The study highlighted that almost 100 individuals, families and states were found to have significant holdings in the 10 case study companies at the end of 2021. According to the ultimate beneficial owner (UBO) methodology we used, just over half (51%) of the case study land was estimated to be owned by Egyptian investors, which reflects how Egypt’s real estate sector has been very well internationalized. Based on wider studies, this is thought to have a negative impact on affordability, and therefore calls to question official efforts to seek further foreign investments in it. The second largest shareholders by land area are unknown investors on the EGX free float – individuals or institutions investing directly – in smallholdings below disclosure thresholds, or funds and private companies whose owners we were not able to identify. The third and fourth largest landholders are Saudi Arabian and Emirati investors, owning 14% and 12% respectively, of the case study land. This was largely expected given Egypt’s preference for regional investors since its economic liberalisation in the 1970s, and the passing of the Investment of Arab and Foreign Funds Law. Norway was the fifth largest landholder, owning 2% of the case study land through its sovereign wealth fund.
“In terms of investor types, so-called high net worth individuals, or families, were the largest investor by land area, owning 35% of the case study land. Equally so were thousands of unidentifiable smallholders on the EGX, and other stock exchange free floats, who also owned – though without any control, a further 35% of the case study land. It was surprising to find state owned enterprises or SOEs, owning 25% of the case study land, a full three decades after the IMF and World Bank structural adjustment programme was implemented in Egypt, pushing for the privatisation of state-owned industry. However, Egyptian SOEs represented only a portion of this as will be explained further below. The remaining 5% of land was owned by private and listed companies and funds that the study could not establish their ownership, or, given some of their smallholdings, was deemed more representative to keep them as institutions such as the world’s largest asset managers the Vanguard Group and BlackRock Inc.” the report read.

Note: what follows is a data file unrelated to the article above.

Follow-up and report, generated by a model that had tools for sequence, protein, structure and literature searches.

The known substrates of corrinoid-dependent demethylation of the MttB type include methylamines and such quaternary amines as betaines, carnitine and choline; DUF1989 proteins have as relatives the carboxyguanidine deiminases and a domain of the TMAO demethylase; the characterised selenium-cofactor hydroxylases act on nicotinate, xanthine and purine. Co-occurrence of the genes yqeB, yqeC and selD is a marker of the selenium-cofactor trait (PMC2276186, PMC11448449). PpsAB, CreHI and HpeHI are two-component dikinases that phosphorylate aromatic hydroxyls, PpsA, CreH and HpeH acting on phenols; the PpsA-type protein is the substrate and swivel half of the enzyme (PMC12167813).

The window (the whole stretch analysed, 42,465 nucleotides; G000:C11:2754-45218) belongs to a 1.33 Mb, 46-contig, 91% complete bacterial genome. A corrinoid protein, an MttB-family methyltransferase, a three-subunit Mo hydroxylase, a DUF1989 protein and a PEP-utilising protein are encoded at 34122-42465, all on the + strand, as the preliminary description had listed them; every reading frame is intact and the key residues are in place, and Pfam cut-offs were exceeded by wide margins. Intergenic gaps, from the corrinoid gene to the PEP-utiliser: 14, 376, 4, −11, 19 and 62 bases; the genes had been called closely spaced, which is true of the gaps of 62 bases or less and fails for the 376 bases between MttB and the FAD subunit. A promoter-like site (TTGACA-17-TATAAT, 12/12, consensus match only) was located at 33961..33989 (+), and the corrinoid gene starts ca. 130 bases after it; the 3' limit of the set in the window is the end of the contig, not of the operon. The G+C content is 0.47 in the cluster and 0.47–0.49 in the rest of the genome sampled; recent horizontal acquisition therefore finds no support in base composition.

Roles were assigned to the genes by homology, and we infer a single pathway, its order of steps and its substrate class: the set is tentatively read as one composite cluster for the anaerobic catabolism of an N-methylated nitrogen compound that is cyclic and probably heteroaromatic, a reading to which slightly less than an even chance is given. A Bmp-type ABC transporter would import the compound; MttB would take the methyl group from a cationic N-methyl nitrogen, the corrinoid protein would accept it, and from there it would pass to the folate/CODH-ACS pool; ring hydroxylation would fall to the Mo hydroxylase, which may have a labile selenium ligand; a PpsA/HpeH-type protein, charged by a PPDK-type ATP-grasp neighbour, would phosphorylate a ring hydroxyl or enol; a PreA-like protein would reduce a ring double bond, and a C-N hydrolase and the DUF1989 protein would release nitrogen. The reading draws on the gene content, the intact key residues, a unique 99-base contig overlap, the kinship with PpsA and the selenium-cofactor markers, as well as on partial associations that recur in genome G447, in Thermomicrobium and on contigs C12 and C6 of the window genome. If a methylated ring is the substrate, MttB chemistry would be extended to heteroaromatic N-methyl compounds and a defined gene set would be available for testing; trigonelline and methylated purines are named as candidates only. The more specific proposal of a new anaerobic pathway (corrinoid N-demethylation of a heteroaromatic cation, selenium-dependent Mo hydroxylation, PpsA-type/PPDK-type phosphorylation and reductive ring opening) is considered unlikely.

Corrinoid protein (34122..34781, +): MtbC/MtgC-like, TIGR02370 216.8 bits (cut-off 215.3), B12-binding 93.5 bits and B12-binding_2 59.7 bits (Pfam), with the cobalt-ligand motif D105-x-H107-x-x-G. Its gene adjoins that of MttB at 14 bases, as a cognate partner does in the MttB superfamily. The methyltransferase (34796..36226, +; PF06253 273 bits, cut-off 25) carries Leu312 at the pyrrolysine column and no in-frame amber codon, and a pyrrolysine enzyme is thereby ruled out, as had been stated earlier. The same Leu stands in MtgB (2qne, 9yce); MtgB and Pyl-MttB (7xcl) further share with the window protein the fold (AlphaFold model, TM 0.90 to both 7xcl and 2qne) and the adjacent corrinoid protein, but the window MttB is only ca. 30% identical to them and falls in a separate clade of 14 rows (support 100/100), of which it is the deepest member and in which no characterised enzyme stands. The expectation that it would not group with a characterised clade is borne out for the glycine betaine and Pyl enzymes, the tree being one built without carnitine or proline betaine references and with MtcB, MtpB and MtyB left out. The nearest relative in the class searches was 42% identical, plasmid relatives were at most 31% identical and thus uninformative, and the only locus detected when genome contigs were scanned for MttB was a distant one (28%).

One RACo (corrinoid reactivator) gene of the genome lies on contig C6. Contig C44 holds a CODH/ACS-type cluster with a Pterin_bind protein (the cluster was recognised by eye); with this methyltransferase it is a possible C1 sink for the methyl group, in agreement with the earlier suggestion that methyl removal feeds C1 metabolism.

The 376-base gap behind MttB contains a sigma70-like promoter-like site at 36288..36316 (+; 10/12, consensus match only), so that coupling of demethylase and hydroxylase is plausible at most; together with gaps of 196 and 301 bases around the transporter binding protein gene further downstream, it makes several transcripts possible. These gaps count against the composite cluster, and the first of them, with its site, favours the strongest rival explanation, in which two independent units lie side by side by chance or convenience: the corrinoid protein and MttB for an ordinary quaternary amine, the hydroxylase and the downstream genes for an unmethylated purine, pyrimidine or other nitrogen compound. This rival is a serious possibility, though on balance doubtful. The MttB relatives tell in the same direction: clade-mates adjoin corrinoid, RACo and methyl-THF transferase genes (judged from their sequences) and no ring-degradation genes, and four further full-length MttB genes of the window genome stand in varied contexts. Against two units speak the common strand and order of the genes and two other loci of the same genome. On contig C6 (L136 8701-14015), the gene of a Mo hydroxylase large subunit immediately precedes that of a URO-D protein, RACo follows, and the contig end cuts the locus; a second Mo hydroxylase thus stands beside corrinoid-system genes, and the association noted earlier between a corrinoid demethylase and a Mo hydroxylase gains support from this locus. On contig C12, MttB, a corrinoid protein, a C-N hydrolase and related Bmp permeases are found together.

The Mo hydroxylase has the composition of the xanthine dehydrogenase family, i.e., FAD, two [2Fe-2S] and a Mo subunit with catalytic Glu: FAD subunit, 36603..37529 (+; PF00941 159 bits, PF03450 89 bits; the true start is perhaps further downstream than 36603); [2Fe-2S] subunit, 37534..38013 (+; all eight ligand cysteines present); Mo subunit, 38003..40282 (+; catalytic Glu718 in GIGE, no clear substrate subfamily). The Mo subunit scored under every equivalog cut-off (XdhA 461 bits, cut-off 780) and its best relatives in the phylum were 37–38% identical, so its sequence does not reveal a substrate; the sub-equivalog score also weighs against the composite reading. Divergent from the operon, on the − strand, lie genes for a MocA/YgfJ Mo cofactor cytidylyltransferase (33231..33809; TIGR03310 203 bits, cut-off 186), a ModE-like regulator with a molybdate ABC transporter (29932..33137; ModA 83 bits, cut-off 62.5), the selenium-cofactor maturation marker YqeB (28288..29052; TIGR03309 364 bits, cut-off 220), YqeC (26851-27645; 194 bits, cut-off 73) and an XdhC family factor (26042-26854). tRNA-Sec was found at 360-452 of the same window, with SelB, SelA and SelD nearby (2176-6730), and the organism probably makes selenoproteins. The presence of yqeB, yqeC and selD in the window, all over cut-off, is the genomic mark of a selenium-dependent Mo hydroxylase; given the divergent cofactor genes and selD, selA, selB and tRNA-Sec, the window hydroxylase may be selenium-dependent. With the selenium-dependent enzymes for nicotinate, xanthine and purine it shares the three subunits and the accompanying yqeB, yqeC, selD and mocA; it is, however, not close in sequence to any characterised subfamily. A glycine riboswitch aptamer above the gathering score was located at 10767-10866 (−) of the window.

At the investor level, the report highlighted that the Government of Egypt was found to be the largest owner of the case study land, holding 16% of it mostly through the Holding Company for Construction and Development, as well as through New Urban Communities Authority – NUCA, which is tasked primarily with building the new desert towns, and some state-owned banks.
The Egyptian Talaat Moustafa family, founder of the eponymous group, was the second largest land holder, and the top non-state holder, directly owning almost 5,600 feddan, or 14% of the case study land. In third place was the Saudi Bin Laden family, owning 2800 feddan, or almost 7% of the case study land. The government of the UAE was the fourth largest landowner in the case study, and the state with the second largest landholdings, comprising 2500 feddan or 6% of the case study land, the study noted.
According to Yahia Shawkat, the study’s lead researcher, by bringing more transparency to the real estate sector, the government can better regulate it, and residents can have a better understanding of who builds their homes.